(information last updated Fall 2017)

Collection of Information:

Ag-Gag Law:

“A person commits an offense if, without the consent of the owner, the person … enters or remains on an animal facility with the intent to disrupt or damage the enterprise conducted at the animal facility, and the person:

    (A) Had notice that the entry was forbidden;

    (B) Knew or should have known that the animal facility was or had closed to the public; or

    (C) Received notice to depart but failed to do so.”  Tenn. Code Ann. § 39-14-803.

Drone Law:

See infra “Drone Laws.”

Trespass Laws:

Criminal Liability for Trespass Despite Lack of Notice:

Yes.  Entry of private land without the owner’s consent constitutes trespass.  See Tenn. Code Ann. § 39-14-405.  Consent is inferred when the “owner has communicated [her] intent that the property be open to the general public.”  Id.

Other Provisions:

See infra “Drone Laws.”

Drone Laws:


“(a) Subject to the exceptions set forth in § 39-13-902(a), a person commits an offense if the person:

      (1) Uses an unmanned aircraft to capture an image of an individual or privately owned real property in this state with the intent to conduct surveillance on the individual or property captured in the image;

      (6)(A) Without the business operator’s written consent, knowingly uses an unmanned aircraft within two hundred fifty feet (250’) of the perimeter of any critical infrastructure facility for the purpose of conducting surveillance of, gathering evidence or collecting information about, or photographically or electronically recording, critical infrastructure data.”  Tenn. Code Ann. § 39-13-903.


“Critical infrastructure facility” includes, but is not limited to facilities that manufacture, store, process, treat, or transmit chemicals, oil, gas, electricity, and water.  Id.


“(C) This subdivision (a)(6) shall not prohibit an unmanned aircraft system from operating for commercial purposes in compliance with authorization granted by the Federal Aviation Administration.”  Tenn. Code Ann. § 39-13-903.


“(a) Notwithstanding § 39-13-903, it is lawful to capture an image using an unmanned aircraft in this state:

     (9) If the image is captured by state or local law enforcement authorities, or a person who is under contract with or otherwise acting under the direction or on behalf of state authorities, for the purpose of:

         (C) Conducting routine air quality sampling and monitoring, as provided by state or local law;

    (10) At the scene of a spill, or a suspected spill, of hazardous materials.” Tenn. Code Ann. § 39-13-902.

Trespass Law:

“(a) A person commits criminal trespass if the person enters or remains on property, or any portion of property, without the consent of the owner.  Consent may be inferred in the case of property that is used for commercial activity available to the general public or in the case of other property when the owner has communicated the owner’s intent that the property be open to the general public.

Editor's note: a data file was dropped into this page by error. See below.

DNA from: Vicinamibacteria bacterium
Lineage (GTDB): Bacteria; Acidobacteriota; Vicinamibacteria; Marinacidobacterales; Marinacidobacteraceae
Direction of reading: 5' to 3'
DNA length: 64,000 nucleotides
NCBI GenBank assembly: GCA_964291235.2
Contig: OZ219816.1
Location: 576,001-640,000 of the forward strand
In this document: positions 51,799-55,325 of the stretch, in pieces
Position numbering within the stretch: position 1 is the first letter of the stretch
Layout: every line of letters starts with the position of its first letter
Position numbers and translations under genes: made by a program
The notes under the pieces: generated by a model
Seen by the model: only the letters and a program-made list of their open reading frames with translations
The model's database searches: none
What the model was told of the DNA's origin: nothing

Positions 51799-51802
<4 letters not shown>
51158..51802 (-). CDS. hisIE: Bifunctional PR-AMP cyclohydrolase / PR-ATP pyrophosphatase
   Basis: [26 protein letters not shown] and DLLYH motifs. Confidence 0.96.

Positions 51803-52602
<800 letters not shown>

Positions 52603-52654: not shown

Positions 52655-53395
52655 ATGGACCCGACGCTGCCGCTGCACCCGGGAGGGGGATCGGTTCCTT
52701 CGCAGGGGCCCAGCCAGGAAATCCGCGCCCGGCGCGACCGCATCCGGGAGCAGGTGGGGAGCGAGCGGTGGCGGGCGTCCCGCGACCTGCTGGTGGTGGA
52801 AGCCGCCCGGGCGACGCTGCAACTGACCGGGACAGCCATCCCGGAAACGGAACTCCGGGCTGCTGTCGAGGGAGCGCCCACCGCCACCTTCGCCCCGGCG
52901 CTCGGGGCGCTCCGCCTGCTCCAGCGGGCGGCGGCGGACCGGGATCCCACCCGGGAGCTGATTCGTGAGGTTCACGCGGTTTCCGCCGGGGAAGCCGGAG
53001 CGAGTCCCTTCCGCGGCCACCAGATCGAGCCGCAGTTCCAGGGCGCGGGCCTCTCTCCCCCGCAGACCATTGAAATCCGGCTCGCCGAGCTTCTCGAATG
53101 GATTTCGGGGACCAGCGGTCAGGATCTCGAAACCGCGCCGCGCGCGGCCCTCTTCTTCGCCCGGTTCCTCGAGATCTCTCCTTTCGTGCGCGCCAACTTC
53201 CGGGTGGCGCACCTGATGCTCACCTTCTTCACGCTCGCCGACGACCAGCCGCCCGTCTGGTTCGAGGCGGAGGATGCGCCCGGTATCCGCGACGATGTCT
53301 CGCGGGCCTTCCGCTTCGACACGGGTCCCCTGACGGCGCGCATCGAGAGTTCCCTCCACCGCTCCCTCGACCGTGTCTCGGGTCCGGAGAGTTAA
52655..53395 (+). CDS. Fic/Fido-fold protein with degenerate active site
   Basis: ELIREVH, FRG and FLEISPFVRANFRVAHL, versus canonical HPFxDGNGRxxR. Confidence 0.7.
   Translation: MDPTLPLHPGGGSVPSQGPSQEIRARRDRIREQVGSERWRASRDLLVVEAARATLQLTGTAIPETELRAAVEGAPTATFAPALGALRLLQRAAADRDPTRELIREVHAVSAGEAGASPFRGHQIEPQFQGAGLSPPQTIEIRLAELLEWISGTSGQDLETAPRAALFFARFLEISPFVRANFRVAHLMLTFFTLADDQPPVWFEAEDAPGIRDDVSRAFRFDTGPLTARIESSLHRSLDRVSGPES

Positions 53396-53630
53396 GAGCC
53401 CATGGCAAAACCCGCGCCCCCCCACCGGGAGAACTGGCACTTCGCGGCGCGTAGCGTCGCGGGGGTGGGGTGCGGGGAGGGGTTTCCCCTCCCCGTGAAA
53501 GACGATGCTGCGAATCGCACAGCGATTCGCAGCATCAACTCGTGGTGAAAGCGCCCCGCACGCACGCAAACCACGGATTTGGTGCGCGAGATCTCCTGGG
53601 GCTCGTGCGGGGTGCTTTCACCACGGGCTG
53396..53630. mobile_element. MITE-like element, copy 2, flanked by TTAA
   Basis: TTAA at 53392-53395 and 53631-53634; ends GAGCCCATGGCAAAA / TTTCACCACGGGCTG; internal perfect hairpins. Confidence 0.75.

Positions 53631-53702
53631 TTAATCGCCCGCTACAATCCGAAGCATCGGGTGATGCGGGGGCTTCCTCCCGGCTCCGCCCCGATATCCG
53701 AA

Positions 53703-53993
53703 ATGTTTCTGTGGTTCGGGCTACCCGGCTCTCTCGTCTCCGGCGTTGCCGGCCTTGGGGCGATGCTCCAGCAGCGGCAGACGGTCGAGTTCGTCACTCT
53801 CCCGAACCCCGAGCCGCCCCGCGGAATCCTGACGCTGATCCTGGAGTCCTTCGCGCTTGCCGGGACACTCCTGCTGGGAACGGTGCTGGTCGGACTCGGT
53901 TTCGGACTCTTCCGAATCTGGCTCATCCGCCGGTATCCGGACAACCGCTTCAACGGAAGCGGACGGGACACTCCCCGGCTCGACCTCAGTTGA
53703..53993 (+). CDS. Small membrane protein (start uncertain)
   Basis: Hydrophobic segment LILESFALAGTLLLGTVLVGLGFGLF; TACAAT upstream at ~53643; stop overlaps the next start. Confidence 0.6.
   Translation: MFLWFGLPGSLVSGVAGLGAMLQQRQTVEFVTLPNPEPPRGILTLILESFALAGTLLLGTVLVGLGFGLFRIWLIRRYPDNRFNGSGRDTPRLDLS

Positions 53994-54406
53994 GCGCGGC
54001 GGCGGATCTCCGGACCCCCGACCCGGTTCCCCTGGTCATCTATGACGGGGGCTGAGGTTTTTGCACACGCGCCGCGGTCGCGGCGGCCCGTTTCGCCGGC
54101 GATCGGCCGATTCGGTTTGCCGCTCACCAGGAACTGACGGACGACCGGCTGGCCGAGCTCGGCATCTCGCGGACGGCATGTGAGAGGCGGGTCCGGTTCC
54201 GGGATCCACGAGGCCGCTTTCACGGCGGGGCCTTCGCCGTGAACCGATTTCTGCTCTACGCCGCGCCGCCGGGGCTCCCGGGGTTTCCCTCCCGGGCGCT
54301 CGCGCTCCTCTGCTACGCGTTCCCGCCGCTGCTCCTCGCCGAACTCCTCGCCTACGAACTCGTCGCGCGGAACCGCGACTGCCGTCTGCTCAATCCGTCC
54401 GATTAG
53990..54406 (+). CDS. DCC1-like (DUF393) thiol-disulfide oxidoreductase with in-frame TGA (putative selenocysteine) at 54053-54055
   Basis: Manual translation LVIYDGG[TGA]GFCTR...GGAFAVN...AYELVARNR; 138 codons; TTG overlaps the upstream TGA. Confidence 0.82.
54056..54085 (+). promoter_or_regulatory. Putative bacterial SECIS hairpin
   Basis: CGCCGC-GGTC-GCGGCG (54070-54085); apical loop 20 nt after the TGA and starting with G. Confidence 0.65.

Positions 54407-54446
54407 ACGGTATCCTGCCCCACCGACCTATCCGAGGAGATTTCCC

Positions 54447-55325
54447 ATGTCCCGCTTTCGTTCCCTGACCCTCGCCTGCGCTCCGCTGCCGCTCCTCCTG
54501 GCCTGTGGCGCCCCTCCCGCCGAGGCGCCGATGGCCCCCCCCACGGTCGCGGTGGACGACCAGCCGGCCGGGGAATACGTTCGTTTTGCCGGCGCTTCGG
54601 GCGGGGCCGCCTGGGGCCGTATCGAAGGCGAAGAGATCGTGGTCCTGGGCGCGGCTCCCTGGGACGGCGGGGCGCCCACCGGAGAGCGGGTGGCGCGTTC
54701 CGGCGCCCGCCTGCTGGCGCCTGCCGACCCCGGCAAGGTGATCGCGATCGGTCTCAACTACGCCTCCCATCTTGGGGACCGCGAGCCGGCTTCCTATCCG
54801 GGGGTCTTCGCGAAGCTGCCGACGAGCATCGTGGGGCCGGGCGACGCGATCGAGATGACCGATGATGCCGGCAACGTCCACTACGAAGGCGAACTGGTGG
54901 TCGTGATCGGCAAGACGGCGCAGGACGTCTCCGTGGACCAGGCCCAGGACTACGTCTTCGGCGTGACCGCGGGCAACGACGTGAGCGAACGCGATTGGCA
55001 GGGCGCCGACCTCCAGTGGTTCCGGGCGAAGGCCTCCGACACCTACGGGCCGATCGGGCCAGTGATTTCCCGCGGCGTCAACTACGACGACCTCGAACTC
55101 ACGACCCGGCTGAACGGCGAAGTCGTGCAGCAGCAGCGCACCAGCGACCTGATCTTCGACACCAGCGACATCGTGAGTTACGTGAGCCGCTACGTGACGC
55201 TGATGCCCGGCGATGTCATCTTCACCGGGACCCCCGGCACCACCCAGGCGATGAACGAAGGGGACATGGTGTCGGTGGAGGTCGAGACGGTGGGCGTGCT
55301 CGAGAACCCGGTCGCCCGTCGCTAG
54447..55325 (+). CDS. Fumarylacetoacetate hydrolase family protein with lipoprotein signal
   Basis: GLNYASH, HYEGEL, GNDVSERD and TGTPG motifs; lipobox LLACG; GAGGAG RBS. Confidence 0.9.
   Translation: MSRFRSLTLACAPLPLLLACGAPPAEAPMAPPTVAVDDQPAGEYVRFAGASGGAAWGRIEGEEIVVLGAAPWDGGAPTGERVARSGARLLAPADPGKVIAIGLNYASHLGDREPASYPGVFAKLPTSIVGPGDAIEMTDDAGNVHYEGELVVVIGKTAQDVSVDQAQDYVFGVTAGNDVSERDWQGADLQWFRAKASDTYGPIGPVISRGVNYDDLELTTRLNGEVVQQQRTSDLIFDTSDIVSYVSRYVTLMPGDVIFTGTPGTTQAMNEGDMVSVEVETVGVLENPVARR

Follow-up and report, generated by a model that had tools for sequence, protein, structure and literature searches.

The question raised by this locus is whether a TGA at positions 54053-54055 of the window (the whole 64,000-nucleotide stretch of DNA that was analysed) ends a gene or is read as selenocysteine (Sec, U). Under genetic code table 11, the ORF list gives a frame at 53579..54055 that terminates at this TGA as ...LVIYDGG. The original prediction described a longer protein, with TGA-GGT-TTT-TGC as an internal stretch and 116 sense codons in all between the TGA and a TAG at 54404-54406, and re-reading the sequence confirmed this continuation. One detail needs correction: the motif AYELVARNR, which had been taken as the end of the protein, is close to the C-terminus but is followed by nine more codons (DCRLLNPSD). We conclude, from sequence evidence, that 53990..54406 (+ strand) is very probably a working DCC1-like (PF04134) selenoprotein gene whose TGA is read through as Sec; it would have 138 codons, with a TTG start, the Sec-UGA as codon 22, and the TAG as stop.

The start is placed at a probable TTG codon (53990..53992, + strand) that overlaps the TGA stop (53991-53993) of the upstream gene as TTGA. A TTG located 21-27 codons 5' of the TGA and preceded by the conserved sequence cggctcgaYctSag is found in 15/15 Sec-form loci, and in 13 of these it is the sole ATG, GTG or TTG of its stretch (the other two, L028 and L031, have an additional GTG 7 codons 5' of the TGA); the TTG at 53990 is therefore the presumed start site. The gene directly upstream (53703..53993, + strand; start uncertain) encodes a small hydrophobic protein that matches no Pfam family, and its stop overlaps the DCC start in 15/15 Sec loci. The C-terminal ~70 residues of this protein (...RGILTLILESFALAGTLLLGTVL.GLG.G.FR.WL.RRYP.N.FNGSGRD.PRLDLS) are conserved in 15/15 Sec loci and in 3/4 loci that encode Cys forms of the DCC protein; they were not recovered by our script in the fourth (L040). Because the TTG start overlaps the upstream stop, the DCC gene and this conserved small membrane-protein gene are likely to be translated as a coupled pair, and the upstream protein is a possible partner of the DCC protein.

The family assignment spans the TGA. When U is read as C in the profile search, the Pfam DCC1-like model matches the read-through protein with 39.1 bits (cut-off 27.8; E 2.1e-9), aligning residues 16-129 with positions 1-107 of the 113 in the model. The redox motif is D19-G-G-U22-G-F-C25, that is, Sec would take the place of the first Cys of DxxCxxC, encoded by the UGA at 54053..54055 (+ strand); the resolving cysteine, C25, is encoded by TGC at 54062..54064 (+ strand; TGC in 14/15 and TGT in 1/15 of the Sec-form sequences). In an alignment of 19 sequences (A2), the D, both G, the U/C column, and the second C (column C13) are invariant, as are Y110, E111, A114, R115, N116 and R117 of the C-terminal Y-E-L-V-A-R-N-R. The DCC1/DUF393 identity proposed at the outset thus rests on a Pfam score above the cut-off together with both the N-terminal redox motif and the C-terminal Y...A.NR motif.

“(d) For purposes of this section, “enter” means intrusion of the entire body or when a person causes an unmanned aircraft to enter that portion of the airspace above the owner’s land not regulated as navigable airspace by the federal aviation administration.”  Tenn. Code Ann. § 39-14-405.

Stalking Laws:

Criminal Law:

“‘Stalking’ means a willful course of conduct involving repeated or continuing harassment of another individual that would cause a reasonable person to feel terrorized, frightened, intimidated, threatened, harassed, or molested, and that actually causes the victim to feel terrorized, frightened, intimidated, threatened, harassed, or molested;

. . .


(1) A person commits an offense who intentionally engages in stalking.

(2) Stalking is a Class A misdemeanor.”


Tenn. Code Ann. § 39-17-315.

Civil Law:

“(a) There is hereby created a civil cause of action for malicious harassment.

(b) A person may be liable to the victim of malicious harassment for both special and general damages, including, but not limited to, damages for emotional distress, reasonable attorney’s fees and costs, and punitive damages.”  Tenn. Code Ann. § 4-21-701.

Use of Information:

Although our research is incomplete, these provisions address the use of information collected by citizens.

Explicitly Prohibits:

“[A]n image captured in violation of § 39-13-903, . . . (1) May not be used as evidence in any criminal or juvenile proceeding, civil action, or administrative proceeding.”  Tenn. Code Ann. § 39-13-905.

Evidentiary Standard:

Pleading a Claim:

Requires certification that “the allegations and other factual contentions have evidentiary support or, if specifically so identified, are likely to have evidentiary support after a reasonable opportunity for further investigation or discovery.”  Tenn. R. Civ. P. 11.02.

Authentication or Chain of Custody:


“The requirement of authentication or identification as a condition precedent to admissibility is satisfied by evidence sufficient to the court to support a finding by the trier of fact that the matter in question is what its proponent claims.”  Tenn. R. Evid. 901.

Expert Testimony:

Daubert standard is instructive.  See McDaniel v. CSX Transp., Inc., 955 S.W.2d 257, 265 (Tenn. 1997).


Please note that this discussion is not moderated by the Emmett Environmental Law & Policy Clinic.